Bloomberg: The Carnival Cruise Ship That Spread Coronavirus Around the World

Bloomberg: The Carnival Cruise Ship That Spread Coronavirus Around the World. “Although multiple cruise ships recorded large numbers of Covid-19 cases in the early stages of the pandemic, the Ruby was unique, and not simply because 28 people died of the illness, the most of any voyage. Two other notorious Carnival ships—the Diamond Princess, which was sealed off for weeks on a Japanese pier, and the Zaandam, which sailed up the entire west coast of South America looking for a country that would allow it to dock—were vessels that guests couldn’t leave. The Ruby was the opposite, the incubator of a devastating outbreak discovered only after passengers were on dry land.”

Washington Post: Cruise lines are already canceling sailings into 2021

Washington Post: Cruise lines are already canceling sailings into 2021. “Princess Cruises announced Tuesday that it’s canceling sailings in early 2021 ‘due to limitations with border and port access.’ The company also cited the “uncertainty of airline travel” as a reason for the cancellations, which will impact 29 sailings on two ships.”

The Guardian: Two cruise ships hit by coronavirus weeks after industry restarts

The Guardian: Two cruise ships hit by coronavirus weeks after industry restarts. “Covid-19 has been detected on at least two cruise ships – one in the Arctic and one in the Pacific – just weeks after cruising holidays restarted. At least 40 passengers and crew from the MS Roald Amundsen have tested positive for the novel coronavirus, and authorities are trying to contact trace hundreds of passengers from two recent Arctic voyages the ship took.”

Ruby Princess: Australian officials failed to carry out health checks (BBC)

BBC: Ruby Princess: Australian officials failed to carry out health checks. “Australian officials have admitted they failed to carry out mandatory health checks on board a cruise ship that became the source of one of the country’s largest coronavirus clusters. Andrew Metcalfe, the secretary for the Department of Agriculture, told the Senate Covid-19 committee on Tuesday that protocols had not been followed.”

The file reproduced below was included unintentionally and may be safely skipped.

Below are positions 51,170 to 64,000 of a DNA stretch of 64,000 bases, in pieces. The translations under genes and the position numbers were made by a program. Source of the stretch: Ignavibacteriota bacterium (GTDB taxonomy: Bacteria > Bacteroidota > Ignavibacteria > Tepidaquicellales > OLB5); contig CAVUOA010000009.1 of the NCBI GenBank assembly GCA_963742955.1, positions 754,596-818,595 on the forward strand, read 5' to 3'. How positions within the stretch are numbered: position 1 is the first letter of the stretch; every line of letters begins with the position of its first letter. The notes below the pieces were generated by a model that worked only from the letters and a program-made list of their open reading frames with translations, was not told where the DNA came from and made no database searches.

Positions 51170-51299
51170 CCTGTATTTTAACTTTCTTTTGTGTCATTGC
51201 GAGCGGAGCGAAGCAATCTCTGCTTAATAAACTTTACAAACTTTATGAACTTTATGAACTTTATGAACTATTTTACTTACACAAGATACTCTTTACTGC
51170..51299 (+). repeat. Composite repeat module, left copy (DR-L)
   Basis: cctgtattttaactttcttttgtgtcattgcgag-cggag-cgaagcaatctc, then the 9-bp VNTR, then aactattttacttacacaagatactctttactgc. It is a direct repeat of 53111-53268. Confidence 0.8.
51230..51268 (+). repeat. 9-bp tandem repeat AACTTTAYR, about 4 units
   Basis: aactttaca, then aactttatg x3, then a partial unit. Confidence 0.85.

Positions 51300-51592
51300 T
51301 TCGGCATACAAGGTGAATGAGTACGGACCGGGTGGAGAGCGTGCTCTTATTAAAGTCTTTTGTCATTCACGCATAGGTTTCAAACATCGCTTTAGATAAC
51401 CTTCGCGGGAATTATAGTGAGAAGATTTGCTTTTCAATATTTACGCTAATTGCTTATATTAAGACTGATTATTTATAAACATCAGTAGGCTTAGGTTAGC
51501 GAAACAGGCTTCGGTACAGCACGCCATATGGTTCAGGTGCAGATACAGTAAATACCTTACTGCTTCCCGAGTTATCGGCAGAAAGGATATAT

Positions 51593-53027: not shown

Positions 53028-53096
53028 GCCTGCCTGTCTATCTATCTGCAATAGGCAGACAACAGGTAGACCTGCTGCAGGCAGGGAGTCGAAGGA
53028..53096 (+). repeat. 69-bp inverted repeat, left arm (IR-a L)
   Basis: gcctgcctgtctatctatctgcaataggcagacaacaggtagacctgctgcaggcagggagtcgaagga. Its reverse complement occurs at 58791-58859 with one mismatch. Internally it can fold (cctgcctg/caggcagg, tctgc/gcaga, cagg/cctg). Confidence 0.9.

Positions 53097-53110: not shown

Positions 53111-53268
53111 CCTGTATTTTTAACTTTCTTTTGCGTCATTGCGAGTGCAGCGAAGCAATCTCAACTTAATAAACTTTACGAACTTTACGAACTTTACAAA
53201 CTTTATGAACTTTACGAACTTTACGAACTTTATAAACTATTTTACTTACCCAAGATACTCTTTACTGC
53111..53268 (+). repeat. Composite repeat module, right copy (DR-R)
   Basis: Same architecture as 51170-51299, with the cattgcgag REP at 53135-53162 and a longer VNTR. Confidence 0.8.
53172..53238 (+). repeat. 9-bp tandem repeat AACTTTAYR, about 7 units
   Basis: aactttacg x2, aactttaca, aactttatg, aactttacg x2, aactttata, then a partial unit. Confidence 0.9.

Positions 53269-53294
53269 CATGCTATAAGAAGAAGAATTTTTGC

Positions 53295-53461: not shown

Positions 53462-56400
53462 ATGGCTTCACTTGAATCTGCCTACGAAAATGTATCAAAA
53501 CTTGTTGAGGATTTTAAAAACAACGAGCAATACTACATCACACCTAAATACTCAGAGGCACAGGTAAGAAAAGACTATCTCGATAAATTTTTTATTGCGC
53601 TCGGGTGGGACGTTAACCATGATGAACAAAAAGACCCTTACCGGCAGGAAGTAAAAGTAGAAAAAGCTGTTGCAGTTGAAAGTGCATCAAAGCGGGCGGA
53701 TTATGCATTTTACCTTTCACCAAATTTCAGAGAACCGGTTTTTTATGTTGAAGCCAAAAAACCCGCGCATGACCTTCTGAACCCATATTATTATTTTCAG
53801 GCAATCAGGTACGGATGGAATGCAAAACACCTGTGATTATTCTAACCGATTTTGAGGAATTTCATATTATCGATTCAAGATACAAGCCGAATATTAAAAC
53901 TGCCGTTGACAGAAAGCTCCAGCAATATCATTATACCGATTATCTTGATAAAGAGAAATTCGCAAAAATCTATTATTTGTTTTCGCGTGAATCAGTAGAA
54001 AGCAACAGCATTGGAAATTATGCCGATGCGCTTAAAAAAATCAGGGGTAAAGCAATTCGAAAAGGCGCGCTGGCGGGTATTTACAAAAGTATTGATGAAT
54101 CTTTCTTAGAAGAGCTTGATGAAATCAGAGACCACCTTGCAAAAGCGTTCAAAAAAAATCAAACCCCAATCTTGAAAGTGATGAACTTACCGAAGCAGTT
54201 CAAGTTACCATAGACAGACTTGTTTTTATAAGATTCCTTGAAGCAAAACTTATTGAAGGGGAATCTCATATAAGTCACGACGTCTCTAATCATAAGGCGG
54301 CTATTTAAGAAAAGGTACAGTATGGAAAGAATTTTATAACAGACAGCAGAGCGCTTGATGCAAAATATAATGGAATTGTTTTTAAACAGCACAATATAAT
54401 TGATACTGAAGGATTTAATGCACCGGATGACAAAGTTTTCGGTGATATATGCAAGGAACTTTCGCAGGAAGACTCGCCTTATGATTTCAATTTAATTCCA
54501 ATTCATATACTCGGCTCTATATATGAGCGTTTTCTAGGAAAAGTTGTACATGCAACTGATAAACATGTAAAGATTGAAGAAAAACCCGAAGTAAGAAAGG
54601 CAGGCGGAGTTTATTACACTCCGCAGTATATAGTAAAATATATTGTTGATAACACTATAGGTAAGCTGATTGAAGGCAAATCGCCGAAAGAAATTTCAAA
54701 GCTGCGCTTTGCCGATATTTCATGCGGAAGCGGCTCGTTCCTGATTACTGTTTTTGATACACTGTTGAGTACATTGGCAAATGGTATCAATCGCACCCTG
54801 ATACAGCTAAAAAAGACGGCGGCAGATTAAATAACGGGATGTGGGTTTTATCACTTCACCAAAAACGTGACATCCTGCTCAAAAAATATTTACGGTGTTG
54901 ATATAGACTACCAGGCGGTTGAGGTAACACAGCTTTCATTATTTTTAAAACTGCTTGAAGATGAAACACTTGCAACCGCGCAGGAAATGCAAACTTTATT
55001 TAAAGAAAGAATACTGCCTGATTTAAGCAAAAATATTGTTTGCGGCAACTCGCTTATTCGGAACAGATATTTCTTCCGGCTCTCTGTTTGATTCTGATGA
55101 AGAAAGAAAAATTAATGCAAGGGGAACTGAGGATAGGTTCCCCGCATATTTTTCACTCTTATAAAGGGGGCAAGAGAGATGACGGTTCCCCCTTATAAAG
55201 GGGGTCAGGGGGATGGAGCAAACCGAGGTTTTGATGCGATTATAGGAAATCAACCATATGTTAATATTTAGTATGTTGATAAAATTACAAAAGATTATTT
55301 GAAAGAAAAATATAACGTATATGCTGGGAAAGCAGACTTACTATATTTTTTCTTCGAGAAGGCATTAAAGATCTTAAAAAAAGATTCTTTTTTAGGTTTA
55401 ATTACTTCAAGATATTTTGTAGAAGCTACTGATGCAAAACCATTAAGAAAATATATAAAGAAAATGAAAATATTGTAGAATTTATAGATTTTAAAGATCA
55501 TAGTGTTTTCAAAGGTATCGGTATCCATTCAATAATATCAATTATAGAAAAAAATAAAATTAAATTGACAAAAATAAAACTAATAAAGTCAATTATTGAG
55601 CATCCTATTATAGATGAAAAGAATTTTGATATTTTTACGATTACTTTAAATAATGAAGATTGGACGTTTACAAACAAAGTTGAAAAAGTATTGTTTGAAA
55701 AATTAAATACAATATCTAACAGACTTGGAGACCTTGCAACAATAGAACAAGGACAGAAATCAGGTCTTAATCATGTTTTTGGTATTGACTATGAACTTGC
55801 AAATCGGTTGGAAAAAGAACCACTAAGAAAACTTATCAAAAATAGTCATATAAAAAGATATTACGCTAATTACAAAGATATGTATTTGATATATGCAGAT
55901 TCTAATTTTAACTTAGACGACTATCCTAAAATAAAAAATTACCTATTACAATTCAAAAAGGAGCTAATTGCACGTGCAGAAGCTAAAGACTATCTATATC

MSC Grandiosa: First Mediterranean cruise launches after five-month pause (BBC)

BBC: MSC Grandiosa: First Mediterranean cruise launches after five-month pause. “The first major cruise ship to set sail in the Mediterranean in almost five months has disembarked from the Italian city of Genoa. The MSC Grandiosa will stop at three Italian ports and the Maltese capital Valletta in a seven-day voyage. Operator MSC Cruises, say all passengers and crew have been tested for coronavirus

New York Times: Aboard the Diamond Princess, a Case Study in Aerosol Transmission

New York Times: Aboard the Diamond Princess, a Case Study in Aerosol Transmission. “In a year of endless viral outbreaks, the details of the Diamond Princess tragedy seem like ancient history. On Jan. 20, one infected passenger boarded the cruise ship; a month later, more than 700 of the 3,711 passengers and crew members had tested positive, with many falling seriously ill. The invader moved as swiftly and invisibly as the perpetrators on Agatha Christie’s Orient Express, leaving doctors and health officials with only fragmentary evidence to sift through. Ever since, scientists have tried to pin down exactly how the coronavirus spread throughout the ship.”

New York Times: The Post-Coronavirus Cruise? Not Ready to Sail

New York Times: The Post-Coronavirus Cruise? Not Ready to Sail. “W. Bradford Gary spent 10 days trapped inside a cruise ship cabin off the coast of Brazil in March while health authorities in several countries scrambled to figure out what to do with a vessel full of older people who had potentially been exposed to the coronavirus. But when faced with the question of whether he’d ever cruise again, he doesn’t hesitate. ‘We are very anxious to get back on board,’ he said, and he believes he’s not alone: ‘There are people like us who want to do this.'”

Report: 40,000 Cruise Ship Workers Still Trapped at Sea (NBC Los Angeles)

NBC Los Angeles: Report: 40,000 Cruise Ship Workers Still Trapped at Sea. “More than 40,000 cruise ship workers are still stuck at sea because of concerns about the coronavirus. The Miami Herald reports that at least 42,000 workers remain trapped on cruise ships without paychecks, and some still are suffering from COVID-19, three months after the industry shut down.”

Cruise Industry News: Top Cruise Photos from Oceanliner Pictures

New-to-me, from Cruise Industry News: Top Cruise Photos from Oceanliner Pictures. “With the global cruise fleet in a temporary and extended service pause, take a look at these top cruise photos from expert photographer Oceanliner Pictures (by Oliver Asmussen), which is the largest cruise ship photo archive for photos of cruise ships, interior photos and maritime travel, currently with over 780,000 photos.”